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Why Aviva Plc Is Now A Better Yield Play

On the face of it, March 2013 was not a good time for investors in Aviva (LSE: AV) (NYSE:AV.US). Its final dividend was cut from 26p in the prior year to 19p; a fall of 27%. As you may expect, shares nosedived, although their fall of 12.5% does not sound quite as bad as it felt for shareholders at the time.

The reason for the dividend being cut was simply that it was unsustainable. Aviva was not paying the dividend out of operating cash flow and, as such, its dividend was not covered and unless cash flow increased it would one day have had little choice but to cut its dividend. So, a relatively new CEO took the decision to take some short-term pain for long-term gain.

The cutting of the dividend coincided with a renewed push to reduce the company’s leverage ratio (which had increased partly as a result of the sales of various assets) and also to improve the diversity, cash generation and, ultimately, growth of the business. Essentially, there seemed little point in ignoring the problems the company was facing in favour of maintaining a very generous dividend payment.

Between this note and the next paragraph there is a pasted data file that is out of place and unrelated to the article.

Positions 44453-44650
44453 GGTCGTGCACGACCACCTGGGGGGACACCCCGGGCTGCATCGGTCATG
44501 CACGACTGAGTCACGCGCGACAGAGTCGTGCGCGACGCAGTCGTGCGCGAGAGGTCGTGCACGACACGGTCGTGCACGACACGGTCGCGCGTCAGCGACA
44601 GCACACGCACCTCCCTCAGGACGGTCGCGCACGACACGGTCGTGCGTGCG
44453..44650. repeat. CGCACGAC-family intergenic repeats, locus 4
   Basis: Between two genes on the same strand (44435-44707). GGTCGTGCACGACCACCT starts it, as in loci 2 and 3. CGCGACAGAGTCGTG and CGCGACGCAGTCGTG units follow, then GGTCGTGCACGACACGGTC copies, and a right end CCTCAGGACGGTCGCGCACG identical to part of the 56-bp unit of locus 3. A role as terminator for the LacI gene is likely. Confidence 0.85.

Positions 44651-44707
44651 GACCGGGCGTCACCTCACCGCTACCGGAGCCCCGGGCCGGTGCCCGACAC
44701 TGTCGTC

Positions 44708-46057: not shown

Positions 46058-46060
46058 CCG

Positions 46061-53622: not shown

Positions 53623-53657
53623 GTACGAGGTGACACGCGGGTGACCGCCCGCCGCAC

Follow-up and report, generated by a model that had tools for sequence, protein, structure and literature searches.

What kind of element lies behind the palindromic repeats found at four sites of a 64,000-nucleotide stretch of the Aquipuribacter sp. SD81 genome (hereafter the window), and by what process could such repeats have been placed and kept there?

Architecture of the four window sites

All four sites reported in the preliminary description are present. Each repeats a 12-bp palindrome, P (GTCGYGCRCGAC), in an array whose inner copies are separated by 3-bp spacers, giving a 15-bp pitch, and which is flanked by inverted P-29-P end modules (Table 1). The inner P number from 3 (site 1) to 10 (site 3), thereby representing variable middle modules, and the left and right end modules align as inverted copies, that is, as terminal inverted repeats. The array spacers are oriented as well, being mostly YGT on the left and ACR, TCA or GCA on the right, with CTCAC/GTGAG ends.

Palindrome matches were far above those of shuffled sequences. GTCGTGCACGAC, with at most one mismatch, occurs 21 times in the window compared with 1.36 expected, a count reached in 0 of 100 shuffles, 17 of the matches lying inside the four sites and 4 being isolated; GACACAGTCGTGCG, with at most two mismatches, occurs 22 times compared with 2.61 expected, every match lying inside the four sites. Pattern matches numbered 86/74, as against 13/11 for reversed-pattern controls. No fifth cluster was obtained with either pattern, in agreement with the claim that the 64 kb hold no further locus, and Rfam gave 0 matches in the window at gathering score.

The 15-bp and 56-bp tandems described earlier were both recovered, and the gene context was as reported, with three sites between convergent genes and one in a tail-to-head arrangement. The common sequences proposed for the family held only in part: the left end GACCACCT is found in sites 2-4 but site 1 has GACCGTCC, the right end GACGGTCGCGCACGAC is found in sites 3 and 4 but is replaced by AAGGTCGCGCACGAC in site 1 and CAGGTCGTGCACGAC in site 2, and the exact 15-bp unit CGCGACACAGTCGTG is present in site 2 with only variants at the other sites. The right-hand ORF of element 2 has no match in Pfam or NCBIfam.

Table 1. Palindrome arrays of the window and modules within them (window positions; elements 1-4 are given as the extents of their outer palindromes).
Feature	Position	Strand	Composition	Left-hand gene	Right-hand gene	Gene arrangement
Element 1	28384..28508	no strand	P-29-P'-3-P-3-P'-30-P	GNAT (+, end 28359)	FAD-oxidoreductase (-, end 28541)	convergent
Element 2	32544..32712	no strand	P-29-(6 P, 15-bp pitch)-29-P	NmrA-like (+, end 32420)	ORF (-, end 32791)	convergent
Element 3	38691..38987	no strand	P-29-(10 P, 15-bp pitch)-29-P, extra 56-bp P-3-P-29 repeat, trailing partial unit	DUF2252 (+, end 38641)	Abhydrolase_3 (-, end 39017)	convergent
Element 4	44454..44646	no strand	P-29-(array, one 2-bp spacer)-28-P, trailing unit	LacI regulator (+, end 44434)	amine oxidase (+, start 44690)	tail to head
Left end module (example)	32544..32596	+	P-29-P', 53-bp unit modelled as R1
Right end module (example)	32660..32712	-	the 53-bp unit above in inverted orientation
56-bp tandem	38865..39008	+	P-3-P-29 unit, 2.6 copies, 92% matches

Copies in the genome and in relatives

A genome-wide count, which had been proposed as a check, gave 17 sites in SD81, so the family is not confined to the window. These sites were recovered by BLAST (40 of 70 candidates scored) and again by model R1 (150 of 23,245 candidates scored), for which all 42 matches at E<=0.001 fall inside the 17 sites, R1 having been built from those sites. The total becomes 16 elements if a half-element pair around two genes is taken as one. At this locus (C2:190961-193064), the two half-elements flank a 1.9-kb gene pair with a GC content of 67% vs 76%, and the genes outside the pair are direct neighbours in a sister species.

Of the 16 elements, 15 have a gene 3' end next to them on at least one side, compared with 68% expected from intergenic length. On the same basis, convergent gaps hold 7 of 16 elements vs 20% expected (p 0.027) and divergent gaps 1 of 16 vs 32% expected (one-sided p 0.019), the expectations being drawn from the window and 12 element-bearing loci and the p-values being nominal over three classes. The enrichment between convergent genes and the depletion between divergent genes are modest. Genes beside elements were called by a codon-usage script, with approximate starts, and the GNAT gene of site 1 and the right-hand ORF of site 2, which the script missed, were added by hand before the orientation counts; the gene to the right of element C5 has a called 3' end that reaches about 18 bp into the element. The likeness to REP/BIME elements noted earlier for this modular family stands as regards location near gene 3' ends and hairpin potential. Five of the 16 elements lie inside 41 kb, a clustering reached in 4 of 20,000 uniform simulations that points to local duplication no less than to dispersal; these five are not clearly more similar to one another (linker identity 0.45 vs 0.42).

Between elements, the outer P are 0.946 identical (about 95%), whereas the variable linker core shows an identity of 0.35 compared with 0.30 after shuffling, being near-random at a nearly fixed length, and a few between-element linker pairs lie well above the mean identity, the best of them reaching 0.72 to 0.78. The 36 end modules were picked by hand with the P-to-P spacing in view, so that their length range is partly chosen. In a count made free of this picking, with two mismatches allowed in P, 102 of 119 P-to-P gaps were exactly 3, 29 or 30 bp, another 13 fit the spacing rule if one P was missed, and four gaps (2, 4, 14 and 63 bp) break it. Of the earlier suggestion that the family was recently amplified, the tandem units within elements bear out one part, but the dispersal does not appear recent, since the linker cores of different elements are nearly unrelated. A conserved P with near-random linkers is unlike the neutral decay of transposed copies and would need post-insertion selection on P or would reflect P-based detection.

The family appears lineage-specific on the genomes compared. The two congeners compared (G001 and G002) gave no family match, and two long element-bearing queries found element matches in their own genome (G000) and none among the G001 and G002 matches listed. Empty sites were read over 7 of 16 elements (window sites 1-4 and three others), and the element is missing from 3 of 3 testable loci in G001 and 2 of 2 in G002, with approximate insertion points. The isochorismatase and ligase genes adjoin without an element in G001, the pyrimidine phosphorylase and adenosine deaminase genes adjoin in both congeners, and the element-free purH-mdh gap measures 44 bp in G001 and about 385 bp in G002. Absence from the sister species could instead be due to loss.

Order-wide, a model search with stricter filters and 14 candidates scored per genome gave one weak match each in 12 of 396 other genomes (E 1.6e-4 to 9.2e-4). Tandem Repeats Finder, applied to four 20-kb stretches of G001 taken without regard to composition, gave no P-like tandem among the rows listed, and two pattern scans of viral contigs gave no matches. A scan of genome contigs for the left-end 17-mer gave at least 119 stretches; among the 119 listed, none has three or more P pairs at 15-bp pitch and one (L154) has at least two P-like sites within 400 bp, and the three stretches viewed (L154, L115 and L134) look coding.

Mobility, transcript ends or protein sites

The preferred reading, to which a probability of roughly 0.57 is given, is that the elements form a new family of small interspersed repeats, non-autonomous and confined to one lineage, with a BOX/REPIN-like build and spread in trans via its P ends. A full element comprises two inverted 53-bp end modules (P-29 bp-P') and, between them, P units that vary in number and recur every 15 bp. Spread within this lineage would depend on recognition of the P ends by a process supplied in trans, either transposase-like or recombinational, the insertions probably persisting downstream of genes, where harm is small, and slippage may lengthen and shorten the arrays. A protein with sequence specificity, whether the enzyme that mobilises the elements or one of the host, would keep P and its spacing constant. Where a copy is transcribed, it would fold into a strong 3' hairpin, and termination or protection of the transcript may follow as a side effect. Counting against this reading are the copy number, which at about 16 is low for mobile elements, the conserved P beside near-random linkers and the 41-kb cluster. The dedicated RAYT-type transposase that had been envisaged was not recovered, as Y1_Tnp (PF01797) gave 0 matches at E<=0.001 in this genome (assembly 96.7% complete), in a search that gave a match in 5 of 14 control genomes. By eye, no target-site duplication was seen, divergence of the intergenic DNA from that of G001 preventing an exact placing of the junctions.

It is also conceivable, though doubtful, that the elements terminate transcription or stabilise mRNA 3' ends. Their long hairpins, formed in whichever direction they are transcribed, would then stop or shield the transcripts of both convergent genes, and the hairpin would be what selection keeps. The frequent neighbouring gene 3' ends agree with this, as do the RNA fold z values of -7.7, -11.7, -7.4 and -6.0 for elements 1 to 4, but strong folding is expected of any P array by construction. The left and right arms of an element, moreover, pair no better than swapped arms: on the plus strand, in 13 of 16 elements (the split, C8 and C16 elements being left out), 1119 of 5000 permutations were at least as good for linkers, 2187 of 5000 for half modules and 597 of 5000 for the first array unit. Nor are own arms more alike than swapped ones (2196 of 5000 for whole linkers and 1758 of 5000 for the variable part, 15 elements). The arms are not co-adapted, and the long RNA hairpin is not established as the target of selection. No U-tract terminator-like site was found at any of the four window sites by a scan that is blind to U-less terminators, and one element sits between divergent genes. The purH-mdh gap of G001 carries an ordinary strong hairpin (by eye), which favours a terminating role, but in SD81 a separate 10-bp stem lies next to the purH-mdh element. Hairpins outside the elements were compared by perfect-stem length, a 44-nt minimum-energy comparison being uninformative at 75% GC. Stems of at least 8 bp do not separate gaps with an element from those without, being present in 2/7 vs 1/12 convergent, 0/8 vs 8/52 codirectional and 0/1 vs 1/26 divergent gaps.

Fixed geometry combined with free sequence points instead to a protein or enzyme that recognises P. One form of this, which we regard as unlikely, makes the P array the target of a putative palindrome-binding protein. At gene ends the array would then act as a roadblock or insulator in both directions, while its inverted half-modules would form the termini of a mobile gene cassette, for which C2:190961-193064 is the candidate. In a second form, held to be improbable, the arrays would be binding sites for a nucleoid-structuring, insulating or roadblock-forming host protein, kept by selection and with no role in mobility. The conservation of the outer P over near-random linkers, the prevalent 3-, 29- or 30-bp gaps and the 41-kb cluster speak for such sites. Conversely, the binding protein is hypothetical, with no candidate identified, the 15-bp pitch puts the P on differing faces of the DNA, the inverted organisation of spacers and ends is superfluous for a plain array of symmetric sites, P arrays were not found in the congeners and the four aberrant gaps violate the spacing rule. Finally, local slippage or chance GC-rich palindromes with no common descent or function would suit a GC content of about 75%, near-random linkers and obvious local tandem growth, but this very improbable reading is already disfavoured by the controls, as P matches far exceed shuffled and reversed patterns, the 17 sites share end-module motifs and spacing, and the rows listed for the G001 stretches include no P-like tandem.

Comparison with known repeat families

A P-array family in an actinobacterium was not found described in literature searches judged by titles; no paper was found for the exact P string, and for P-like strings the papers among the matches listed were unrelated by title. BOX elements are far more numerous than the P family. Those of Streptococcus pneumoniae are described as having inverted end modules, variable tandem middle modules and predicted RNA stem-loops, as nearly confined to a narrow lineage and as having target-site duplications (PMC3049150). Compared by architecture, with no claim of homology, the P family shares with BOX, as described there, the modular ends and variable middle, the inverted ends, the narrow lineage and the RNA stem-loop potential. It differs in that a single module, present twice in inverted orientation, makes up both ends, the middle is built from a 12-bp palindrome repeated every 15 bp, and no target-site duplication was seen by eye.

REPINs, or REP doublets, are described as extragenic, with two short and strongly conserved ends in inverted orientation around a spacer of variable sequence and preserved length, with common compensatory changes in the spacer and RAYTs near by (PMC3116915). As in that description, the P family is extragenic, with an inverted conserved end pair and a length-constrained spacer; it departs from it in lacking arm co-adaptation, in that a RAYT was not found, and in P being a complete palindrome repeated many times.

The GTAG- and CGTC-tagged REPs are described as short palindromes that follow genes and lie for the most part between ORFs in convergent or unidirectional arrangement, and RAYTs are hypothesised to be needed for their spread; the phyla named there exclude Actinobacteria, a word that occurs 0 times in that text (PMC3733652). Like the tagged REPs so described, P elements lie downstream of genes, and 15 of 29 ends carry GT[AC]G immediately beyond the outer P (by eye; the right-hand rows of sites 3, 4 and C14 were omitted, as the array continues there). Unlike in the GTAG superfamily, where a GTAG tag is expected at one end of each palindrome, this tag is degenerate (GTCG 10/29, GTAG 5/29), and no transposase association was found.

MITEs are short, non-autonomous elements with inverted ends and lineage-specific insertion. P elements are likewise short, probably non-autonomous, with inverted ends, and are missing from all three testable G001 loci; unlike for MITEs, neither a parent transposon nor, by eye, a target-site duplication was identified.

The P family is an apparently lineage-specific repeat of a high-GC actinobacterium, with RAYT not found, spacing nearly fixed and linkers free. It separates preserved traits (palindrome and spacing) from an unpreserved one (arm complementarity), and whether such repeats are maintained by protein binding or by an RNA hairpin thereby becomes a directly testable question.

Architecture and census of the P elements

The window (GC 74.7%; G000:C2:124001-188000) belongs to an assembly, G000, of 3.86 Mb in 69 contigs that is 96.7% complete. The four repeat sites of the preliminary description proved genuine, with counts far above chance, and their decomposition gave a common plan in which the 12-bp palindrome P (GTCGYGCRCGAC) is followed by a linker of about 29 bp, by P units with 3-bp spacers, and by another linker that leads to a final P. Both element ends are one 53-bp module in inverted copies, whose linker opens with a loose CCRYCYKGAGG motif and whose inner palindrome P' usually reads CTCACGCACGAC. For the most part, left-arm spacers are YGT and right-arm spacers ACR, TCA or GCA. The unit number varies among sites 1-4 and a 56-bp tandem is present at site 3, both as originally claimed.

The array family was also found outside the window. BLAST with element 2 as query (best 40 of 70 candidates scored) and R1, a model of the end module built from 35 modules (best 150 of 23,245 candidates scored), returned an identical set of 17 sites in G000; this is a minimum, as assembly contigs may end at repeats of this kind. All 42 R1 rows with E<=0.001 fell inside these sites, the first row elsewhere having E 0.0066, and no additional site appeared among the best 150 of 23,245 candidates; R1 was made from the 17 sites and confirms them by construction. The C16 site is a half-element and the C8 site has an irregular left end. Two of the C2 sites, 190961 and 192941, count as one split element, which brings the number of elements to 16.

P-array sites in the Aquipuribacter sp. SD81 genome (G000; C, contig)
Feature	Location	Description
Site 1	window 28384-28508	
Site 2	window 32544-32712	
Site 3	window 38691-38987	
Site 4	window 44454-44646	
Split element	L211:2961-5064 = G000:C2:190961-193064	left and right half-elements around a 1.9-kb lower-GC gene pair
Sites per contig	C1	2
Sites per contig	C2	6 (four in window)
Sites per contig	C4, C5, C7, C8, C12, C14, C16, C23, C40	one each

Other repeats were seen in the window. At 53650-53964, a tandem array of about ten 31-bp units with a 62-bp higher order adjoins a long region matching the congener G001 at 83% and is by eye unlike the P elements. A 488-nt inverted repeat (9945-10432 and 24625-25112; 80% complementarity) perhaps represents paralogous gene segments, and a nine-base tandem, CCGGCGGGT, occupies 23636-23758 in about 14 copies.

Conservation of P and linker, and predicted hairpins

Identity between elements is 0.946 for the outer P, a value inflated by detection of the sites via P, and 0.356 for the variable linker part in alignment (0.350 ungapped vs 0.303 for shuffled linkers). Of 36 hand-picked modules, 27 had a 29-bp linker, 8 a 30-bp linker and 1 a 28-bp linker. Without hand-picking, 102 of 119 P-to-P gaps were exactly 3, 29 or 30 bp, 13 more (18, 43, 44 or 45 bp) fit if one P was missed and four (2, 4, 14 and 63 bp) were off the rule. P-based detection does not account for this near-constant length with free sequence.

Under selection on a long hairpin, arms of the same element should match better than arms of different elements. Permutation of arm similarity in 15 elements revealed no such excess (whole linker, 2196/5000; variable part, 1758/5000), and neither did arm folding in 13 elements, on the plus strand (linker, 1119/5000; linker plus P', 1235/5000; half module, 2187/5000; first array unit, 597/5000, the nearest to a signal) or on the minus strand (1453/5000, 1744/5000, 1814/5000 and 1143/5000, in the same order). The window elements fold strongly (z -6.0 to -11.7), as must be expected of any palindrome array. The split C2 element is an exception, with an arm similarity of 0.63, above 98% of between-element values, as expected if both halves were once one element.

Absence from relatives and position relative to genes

So, in my view, the decision to cut the dividend was a wise one for it gave the company the resources and mandate to make the necessary adjustments so as to ensure the long-term success of the business. In addition, shares are now trading beyond the 360p level they were on the day prior to the dividend cut announcement, so the market seems to have (to some extent) bought into the CEO’s plan.

Moreover, Aviva’s yield remains highly attractive: it is the seventh highest-yielding stock in the FTSE 100 and currently offers a yield of 5.1%. With the best no-notice bank accounts offering little over 2%, a major insurance player that has a renewed and sensible strategy and that offers a yield of more than 2.5 times the best savings account is a winner with me.

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> Peter owns shares in Aviva.